If you’re just getting into the world of off-camera lighting, you’ve probably heard of light modifiers. Commonly-used light modifiers include umbrellas, softboxes, and beauty dishes. While they all share the same purpose — to diffuse harsh light originating from a bare flash — each modifier comes with distinctive qualities that you should be aware of. Today, I’m going to show you how to use umbrella lights to create professional-looking portraits.
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Why Should You Use Umbrellas?
Do you remember the last time you tried to take a group photo at the bar using your smartphone? Unless you disabled it beforehand, the flash probably came on to help light the photo. The problem is that compared to those taken with sunlight only, flash-assisted photos tend to have that deer-in-the-headlight look to them.
Why does this happen? Small light sources such as your on-camera flash produce hard light, which is not ideal for portraits. In contrast, large light sources create soft light that wraps around the subject, bathing them in a gentle glow. The general rule is: the larger the light source in relation to the subject, the softer and more pleasing the light quality will be.
Even though the sun is huge and would be thought of as soft light, it actually is considered hard light because it’s so far away, and therefore small in relation to the subject. When sunlight is coming through a window, however, the window itself becomes the source of light. Since it’s large in relation to the subject, it produces soft light.
Now that we’ve established the benefits of using soft light, how can we produce it artificially? That’s where light modifiers come in. Modifiers such as umbrellas diffuse light and allow you to achieve soft light in your photos. To put it simply, think of it as window light that you can take anywhere.
Compared to other modifiers such as softboxes and beauty dishes, umbrellas offer less control, spilling light everywhere if you’re not careful. They are also much more prone to falling over and breaking when shooting on windy days. However, due to their affordability, portability, and versatility, umbrellas are the modifier that I use most often.
How to Use Umbrella Lights
Perhaps the most important thing to consider when using umbrella lights is the type of umbrella that you will be using — reflected or shoot-through.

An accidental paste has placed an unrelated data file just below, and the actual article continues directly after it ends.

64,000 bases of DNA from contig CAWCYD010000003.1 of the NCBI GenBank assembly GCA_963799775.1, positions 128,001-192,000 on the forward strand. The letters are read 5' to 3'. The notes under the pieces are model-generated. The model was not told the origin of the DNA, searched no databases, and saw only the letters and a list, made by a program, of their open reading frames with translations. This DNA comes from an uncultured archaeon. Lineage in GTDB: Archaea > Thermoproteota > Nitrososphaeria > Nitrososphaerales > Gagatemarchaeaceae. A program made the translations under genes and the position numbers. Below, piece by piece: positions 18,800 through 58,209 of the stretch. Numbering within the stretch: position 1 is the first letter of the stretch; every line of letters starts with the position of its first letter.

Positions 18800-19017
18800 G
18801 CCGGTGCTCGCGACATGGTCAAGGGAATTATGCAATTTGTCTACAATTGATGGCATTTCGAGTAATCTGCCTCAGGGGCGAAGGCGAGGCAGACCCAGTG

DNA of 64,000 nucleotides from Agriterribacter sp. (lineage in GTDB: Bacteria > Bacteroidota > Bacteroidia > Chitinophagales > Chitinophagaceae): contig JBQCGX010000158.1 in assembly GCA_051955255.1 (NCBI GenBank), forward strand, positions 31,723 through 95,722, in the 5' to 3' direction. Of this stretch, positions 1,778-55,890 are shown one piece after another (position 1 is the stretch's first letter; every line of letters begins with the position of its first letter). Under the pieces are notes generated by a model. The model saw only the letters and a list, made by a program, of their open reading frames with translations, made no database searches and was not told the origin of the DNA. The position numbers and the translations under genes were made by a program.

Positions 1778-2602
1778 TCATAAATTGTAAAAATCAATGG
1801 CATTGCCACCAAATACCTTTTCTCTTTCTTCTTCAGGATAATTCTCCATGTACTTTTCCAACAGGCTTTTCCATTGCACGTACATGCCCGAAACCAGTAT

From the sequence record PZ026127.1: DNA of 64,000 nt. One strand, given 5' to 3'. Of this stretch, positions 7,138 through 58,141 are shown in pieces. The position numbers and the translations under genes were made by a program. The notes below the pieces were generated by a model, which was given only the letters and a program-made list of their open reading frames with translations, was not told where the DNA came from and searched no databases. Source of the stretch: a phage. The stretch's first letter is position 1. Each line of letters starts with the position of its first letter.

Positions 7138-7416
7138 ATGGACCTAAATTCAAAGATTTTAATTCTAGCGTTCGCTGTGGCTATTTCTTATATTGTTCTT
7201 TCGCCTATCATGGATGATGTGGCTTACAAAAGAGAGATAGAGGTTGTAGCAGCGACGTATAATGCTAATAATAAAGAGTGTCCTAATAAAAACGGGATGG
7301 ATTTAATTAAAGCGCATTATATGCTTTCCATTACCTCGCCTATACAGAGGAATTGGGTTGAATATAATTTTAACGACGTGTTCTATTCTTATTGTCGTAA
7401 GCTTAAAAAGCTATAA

I started off using shoot-through umbrellas but found that they kept getting in the way of my wider shots. To fix this issue, I’d need a taller light stand (which are harder to adjust on the fly since I’m not super tall), or I can switch over to using reflected umbrellas instead. The latter simply made more sense.
Aside from choosing between reflected and shoot-through umbrellas, you’d also want to choose a good size for your umbrella. Umbrellas come in many different sizes. You can get them in 32’, 45’, 60’, and probably a lot larger as well. I’m a big fan of the larger ones, which can be placed farther away from the subject while still providing soft light. However, they are more expensive to replace and are more likely to get knocked over by the wind.
Unless you consistently shoot with an assistant (or you don’t mind using a bunch of sand bags), I recommend you start with the Westcott 45-inch Umbrella. It comes with a removable black cover and can therefore be used as either a shoot-through or reflected umbrella. Also, it is large enough for lighting full body shots while still being friendly to the wallet.
Now, let’s talk about some ways to get professional results using your new umbrella!
Crosslighting is a technique where you place two lights in opposing directions. It is a highly popular lighting method, and probably the one that I use most often in my personal work.
While this technique requires two light sources, in reality, you only need one flash to make it work. If you’re shooting outdoors, the sun counts as the second light. For this reason, I tend to schedule all my shoots on days that the sun is out in full force and to avoid cloudy days if I can help it.
Keep in mind that crosslighting is very different than using your flash as fill-light and just lifting the shadows. This technique produces a much more edgy, polished look. You want increase your strobe’s power and make it your main light. By doing so, you also have the added benefit of motion stopping, even if your shutter speed is limited to 1/200.
Start by facing the subject away from the sun. You don’t necessarily have to position the sun directly behind them; it can even be slightly outside the frame. The most important part is just making sure that the subject’s front side is not being lit directly. At this point, they should look almost like a silhouette.
The next step is to set up your strobe in front of the subject, but on the opposite side of the sun. After exposing for the background in-camera, increase the strobe’s power until your subject is properly lit and well balanced against the background.
Here is an example of crosslighting.
In the picture above, the sun was coming from behind the model at camera right. Since I was using a fairly short focal length, I got up close and stood right next to my strobe, positioned camera left.